MEXICO CITY (Reuters) - Tropical Storm Paul weakened rapidly as it skirted a sparsely populated area of Mexico's Baja Peninsula, while Hurricane Rafael was moving past Bermuda in the Atlantic, the U.S. National Hurricane Center said on Tuesday.
Paul, formerly a Category 1 hurricane, churned about 85 miles west-southwest of Loreto and was expected to keep moving along the peninsula's coast through Wednesday, the center said in a public advisory.
The storm was moving north at 12 miles per hour, with maximum wind speeds of 60 mph, and was expected to weaken below tropical storm strength on Wednesday, the center added.
Mexico has no important oil installations along its Pacific coast.
The Mexican navy said on Tuesday it had received no requests for help during visits by navy personnel to Cabo San Lucas.
The U.S. center said Paul could cause dangerous coastal waves and possible flash floods.
A tropical storm warning was in effect from Santa Fe north to El Pocito on the country's western Baja Peninsula as well as on the eastern coast of Baja from San Evaristo to Bahia San Juan Bautista, the center said.
The storm did not hit the tourist resort of Los Cabos on the southern tip of the peninsula.
Mexico's Communications and Transportation Ministry said that among the country's major 18 Pacific ports, the only closure was at the port of San Carlos, where a small federal electricity commission installation is located.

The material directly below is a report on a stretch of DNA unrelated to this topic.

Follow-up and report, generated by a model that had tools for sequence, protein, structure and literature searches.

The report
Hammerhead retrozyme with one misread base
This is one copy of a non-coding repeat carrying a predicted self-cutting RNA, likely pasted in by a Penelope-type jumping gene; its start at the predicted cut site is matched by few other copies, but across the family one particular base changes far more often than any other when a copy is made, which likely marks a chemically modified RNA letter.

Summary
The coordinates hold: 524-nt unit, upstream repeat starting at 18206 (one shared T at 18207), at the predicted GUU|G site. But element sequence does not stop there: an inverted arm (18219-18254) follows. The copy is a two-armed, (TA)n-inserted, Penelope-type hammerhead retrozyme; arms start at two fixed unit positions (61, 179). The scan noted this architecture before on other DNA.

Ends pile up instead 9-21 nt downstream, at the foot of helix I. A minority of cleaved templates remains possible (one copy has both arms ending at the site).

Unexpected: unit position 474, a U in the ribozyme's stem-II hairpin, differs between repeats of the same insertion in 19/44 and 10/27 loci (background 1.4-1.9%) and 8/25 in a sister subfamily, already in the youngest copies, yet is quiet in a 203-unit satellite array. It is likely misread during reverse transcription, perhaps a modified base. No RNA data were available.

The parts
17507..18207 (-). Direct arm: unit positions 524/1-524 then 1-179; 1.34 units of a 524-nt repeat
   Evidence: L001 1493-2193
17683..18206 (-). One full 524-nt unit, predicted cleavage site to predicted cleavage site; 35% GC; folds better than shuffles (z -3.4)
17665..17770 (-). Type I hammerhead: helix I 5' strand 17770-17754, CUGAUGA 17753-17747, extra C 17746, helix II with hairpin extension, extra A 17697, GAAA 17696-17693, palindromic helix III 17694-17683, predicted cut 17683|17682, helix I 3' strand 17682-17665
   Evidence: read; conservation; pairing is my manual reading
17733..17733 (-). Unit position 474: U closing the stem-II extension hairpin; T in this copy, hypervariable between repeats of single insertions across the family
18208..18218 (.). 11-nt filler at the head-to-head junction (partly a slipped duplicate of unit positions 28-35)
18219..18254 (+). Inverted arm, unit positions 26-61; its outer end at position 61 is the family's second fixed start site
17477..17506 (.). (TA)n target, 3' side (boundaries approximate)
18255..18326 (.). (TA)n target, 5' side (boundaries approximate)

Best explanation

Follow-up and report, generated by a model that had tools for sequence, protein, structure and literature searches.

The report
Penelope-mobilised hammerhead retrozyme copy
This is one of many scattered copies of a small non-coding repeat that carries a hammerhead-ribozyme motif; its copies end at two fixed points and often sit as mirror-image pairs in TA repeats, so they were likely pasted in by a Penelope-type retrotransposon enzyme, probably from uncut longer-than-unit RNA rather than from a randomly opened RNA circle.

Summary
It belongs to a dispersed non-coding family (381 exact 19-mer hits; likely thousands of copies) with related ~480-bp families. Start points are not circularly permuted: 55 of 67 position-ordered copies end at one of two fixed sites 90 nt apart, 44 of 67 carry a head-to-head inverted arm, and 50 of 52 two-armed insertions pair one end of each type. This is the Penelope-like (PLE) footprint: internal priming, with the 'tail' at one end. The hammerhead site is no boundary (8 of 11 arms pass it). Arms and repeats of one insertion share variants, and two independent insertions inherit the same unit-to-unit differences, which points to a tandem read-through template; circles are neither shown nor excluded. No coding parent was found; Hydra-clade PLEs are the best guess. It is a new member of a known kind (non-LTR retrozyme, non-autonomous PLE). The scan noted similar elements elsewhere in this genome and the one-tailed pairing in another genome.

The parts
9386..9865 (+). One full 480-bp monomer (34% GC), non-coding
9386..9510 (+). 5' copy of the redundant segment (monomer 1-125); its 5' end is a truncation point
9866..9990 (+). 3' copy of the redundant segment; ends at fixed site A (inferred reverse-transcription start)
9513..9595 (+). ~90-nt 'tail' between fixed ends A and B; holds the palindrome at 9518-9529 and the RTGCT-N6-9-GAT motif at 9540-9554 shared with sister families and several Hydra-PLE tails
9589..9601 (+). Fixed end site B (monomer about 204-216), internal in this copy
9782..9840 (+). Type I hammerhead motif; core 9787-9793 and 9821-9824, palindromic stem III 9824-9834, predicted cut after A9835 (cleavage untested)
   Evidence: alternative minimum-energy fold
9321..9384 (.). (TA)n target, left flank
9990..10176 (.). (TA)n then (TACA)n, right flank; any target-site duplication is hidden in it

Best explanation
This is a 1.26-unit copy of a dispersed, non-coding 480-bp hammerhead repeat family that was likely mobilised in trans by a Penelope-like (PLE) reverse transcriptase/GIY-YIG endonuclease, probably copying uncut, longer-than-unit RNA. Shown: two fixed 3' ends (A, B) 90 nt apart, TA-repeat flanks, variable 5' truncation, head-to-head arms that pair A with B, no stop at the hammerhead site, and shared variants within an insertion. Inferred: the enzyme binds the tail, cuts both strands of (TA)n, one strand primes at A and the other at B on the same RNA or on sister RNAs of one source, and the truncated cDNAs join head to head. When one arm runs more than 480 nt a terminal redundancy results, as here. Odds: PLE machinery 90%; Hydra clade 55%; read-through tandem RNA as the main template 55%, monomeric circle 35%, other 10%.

The remainder of the Pacific ports, including industrial hub Manzanillo, remained open as of 4 p.m. Tuesday local time.
On Tuesday afternoon four smaller ports were closed on both sides of Comondu, where locals fish for shrimp, tuna and sardines.
Mexico's Baja California state has 637,000 residents, according to the country's 2010 census.
In the Atlantic, Hurricane Rafael, a Category 1 hurricane, churned toward Bermuda on Tuesday, but was beginning to move away from the British island territory and out into open sea on Tuesday night.
Rafael was centered 135 miles east of Bermuda and moving north-northeast at 29 mph. It had top sustained winds of 85 mph.
The Bermuda Weather Service discontinued its tropical storm warning for the island.
(Reporting By Lizbeth Diaz, Michael O'Boyle and David Alire Garcia in Mexico City and Kevin Gray in Miami; Editing by Peter Cooney)